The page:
Posted at: 01/16/2013 6:02 PM
Updated at: 01/16/2013 7:54 PM
By: Jill Galus, KOB Eyewitness News 4
Cleaning out chimneys is vital to safety when it comes to using a wood-burning fireplace or stove.
Before you go to light a fire, the first thing you want to do is make sure there are no cracks anywhere on the surrounding cement or glass.
While it may look clean inside, with no ashes, inspectors say it is what you cannot see that is the real fire hazard.
On any given day, Gilbert Gonzales, owner of CBS Chimney Sweepers, gets an up close and personal inspection of wood-burning fireplaces and stoves.
"What we're going to do, first of all, is we seal up the opening of the stove, so when we brush the chimney we don't get soot and dust into the home," Gonzales said.
This is all part of a routine chimney sweep, the only sure way to prevent a chimney fire, Gonzales said.
"A chimney fire can get up to 2,100 degrees," Gonzales said.
After the prep inside, Gonzales climbs onto the roof with a ladder and begins work on the actual chimney using a long metal pole with large bristles, to brush the inside.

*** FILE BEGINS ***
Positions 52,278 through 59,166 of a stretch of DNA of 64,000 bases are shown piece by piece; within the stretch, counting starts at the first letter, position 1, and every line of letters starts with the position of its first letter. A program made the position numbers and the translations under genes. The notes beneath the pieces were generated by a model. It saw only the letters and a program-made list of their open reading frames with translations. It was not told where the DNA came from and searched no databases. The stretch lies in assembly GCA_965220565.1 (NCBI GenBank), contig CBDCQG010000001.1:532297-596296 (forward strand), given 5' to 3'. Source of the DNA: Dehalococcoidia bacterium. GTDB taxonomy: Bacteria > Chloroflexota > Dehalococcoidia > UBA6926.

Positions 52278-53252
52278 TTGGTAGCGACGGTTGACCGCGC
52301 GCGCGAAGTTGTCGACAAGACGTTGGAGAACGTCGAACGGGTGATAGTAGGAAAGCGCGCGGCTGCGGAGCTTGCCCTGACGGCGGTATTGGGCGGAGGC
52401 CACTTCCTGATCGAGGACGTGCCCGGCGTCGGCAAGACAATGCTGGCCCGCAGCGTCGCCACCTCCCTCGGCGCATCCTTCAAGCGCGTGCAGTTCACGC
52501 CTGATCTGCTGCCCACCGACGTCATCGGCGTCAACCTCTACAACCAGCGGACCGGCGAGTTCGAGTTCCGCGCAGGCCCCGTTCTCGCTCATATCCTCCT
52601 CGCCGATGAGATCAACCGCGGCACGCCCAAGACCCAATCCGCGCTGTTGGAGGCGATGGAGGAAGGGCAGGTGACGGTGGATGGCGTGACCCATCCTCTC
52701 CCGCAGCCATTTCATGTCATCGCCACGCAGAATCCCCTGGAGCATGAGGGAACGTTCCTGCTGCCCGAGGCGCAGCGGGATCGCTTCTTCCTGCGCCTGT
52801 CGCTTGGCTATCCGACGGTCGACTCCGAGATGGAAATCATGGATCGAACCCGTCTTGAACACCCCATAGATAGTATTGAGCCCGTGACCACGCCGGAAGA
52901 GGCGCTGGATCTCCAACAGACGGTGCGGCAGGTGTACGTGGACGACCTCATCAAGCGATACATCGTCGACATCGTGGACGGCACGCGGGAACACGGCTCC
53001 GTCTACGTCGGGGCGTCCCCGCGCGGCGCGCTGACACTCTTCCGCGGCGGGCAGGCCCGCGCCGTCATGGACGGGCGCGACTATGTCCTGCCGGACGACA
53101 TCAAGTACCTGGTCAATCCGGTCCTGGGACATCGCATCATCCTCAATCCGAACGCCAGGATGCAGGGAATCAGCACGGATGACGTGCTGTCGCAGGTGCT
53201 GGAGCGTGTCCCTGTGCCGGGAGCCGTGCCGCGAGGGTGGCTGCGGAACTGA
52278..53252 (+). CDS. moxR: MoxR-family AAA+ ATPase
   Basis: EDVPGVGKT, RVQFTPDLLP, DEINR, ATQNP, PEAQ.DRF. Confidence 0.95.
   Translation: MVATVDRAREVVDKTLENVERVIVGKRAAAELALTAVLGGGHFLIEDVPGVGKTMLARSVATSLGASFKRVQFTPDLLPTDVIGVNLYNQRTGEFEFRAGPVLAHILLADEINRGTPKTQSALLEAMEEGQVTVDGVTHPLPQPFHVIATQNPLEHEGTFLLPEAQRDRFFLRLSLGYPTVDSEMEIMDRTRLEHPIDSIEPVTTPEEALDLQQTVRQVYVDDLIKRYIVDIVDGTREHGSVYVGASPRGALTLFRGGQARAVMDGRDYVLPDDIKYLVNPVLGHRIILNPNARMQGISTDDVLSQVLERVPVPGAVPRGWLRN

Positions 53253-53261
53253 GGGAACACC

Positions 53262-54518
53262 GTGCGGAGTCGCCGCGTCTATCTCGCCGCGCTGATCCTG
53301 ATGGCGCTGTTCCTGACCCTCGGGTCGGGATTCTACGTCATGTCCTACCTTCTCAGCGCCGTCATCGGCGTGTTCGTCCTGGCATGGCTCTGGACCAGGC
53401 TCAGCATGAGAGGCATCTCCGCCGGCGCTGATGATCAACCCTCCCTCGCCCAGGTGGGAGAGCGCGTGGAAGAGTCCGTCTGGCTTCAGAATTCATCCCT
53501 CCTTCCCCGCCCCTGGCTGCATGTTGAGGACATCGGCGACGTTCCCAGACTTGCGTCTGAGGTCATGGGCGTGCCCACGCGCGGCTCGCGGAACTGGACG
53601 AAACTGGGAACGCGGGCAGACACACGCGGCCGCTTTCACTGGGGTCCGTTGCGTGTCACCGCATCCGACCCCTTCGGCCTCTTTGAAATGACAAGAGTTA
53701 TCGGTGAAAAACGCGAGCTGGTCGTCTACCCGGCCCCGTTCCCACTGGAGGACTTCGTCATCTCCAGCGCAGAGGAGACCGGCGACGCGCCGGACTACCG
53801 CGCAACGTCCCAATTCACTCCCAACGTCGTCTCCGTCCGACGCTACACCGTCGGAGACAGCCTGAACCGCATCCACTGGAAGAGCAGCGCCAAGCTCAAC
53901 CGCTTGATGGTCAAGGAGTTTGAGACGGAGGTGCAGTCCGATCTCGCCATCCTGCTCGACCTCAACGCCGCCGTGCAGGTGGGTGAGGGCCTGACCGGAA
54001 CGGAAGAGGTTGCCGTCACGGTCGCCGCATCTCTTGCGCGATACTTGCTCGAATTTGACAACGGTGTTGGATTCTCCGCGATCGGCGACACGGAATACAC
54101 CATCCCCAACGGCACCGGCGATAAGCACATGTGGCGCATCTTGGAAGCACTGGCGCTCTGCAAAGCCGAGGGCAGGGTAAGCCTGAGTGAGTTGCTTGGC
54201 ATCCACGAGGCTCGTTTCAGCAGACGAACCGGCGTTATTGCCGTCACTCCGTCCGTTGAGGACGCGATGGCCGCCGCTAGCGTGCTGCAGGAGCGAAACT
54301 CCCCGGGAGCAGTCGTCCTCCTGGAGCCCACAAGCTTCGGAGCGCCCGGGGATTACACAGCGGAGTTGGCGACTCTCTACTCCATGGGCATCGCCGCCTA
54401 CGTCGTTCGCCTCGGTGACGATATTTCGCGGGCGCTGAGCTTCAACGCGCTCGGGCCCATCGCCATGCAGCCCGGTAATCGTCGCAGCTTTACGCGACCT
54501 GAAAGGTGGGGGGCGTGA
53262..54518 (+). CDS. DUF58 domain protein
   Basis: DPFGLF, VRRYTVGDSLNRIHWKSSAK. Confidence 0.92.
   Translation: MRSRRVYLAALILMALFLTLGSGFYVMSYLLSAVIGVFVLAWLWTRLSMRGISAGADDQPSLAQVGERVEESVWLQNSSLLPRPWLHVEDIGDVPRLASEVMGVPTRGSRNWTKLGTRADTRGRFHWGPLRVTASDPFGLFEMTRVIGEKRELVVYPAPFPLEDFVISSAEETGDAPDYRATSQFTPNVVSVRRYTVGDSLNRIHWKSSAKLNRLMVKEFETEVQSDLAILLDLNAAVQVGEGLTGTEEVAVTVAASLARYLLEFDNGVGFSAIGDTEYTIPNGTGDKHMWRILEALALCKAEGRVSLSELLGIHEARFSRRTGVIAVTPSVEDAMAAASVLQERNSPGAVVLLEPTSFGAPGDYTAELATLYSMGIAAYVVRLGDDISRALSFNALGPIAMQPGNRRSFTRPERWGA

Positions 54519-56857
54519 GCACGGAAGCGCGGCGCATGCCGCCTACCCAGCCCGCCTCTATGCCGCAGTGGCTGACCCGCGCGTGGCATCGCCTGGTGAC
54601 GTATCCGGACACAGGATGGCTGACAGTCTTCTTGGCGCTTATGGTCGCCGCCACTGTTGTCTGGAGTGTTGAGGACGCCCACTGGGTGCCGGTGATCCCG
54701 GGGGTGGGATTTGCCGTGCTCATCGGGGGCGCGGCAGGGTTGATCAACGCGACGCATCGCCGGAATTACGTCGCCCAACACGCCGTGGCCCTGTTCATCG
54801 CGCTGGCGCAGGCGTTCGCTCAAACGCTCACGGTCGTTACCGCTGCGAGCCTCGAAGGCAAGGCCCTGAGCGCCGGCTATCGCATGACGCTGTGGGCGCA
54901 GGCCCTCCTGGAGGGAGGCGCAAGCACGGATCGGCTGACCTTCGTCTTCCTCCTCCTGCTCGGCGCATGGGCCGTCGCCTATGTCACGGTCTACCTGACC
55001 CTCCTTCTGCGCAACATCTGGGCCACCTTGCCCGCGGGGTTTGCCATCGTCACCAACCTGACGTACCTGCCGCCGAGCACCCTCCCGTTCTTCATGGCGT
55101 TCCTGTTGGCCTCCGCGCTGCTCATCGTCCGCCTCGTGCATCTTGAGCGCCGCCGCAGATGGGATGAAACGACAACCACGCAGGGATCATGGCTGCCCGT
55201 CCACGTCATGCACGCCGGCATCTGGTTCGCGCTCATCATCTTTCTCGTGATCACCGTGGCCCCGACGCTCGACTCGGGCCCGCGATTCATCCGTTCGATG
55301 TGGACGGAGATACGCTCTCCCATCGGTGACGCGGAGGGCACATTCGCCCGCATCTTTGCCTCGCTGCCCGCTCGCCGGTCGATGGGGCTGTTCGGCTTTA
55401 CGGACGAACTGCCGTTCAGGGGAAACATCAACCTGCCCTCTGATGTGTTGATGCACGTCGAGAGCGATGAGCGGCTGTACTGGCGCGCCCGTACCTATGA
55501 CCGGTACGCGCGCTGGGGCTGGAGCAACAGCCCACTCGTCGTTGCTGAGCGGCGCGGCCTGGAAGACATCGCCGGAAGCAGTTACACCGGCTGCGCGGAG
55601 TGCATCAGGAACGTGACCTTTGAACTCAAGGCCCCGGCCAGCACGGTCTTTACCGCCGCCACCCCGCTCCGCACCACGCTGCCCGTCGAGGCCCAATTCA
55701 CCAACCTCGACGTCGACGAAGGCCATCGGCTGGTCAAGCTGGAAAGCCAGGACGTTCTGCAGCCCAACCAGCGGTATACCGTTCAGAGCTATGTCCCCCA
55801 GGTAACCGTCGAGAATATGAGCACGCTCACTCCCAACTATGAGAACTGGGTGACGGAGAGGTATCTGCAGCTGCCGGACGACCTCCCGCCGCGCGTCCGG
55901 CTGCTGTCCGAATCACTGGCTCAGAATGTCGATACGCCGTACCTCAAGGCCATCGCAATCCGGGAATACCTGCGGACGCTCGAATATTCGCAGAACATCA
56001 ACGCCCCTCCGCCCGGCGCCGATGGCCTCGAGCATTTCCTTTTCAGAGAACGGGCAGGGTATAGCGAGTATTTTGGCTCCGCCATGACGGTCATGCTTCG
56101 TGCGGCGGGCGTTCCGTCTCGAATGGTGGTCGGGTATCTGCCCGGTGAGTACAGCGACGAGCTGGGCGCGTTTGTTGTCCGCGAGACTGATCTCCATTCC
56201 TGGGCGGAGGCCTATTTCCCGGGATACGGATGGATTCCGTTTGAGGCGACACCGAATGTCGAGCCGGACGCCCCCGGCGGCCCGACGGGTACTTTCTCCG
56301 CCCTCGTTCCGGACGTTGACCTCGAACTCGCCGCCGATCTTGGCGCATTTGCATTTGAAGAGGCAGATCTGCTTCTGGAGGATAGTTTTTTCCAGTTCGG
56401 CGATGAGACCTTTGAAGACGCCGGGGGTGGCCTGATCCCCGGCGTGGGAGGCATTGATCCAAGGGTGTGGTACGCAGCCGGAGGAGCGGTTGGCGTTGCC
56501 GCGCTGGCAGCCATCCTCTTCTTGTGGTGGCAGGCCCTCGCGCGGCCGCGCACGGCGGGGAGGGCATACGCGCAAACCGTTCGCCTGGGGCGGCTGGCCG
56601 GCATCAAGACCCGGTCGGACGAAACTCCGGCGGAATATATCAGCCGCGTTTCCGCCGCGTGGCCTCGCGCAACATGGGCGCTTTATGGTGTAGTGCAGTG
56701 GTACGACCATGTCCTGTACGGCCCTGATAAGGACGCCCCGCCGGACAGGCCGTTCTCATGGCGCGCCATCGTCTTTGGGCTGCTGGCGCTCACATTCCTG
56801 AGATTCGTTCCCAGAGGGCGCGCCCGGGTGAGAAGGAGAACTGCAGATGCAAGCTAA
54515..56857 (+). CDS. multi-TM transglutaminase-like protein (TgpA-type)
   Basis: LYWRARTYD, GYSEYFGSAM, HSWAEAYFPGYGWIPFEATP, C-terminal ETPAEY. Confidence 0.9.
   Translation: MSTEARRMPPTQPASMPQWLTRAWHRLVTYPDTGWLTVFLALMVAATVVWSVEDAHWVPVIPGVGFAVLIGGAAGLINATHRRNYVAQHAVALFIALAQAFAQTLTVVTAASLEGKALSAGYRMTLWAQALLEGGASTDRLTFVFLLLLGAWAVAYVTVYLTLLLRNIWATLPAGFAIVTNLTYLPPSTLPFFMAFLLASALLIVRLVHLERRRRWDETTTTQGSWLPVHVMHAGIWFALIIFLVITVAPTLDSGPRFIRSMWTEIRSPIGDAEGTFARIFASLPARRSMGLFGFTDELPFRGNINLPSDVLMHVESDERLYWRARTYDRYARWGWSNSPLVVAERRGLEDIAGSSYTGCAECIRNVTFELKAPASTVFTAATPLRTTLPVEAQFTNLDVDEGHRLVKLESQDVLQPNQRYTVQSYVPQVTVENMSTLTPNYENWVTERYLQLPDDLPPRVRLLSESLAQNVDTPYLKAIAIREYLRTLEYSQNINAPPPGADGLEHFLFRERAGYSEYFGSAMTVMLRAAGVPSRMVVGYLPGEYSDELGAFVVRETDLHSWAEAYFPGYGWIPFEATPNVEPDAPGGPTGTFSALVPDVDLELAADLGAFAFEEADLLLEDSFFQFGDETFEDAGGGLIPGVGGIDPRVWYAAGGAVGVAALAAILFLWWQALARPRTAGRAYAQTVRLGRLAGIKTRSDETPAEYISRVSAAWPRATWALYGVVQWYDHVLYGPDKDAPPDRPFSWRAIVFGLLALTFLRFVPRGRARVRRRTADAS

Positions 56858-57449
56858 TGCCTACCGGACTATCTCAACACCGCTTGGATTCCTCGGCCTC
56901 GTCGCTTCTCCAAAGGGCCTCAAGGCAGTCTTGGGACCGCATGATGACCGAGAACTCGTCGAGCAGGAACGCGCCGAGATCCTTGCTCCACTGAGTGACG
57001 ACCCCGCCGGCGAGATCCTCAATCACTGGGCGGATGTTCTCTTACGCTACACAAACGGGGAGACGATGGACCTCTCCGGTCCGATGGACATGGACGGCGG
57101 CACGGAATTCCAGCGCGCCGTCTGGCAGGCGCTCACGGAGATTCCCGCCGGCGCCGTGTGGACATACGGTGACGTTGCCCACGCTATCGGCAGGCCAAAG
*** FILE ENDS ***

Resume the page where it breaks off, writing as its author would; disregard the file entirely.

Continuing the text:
"We're going to brush everything down into the wood stove," Gonzales said.
A quarter inch of soot build up on the inside of the chimney cap is a good indicator of what the inside of the chimney lining looks like as well. An eighth to quarter inch of soot build up is considered a huge fire hazard.
"That's enough to create an extreme chimney fire," June, Gonzales' wife, said.
All the black soot is the bi-product of smoke that is collected and cooled each time you use your fireplace.
"It causes the chimney to get smaller as the soot builds up," June said.
It can only take a few seconds for a single spark to ignite it.
"It does make a very loud sound that's woo, woo, woo, woo... it's a bad sound, you know, and if your chimney becomes a volcano of hot ash and fire shooting out," June said, as she described what happens if your chimney catches fire.
After Gonzales finished scraping the inside of the chimney, the wood-burning stove was filled with a pile of black soot, the remains of what was scraped from the chimney...and a potential fire hazard, eliminated.
"The biggest hazard is forgetting how wonderful that heat has a danger behind it," June said.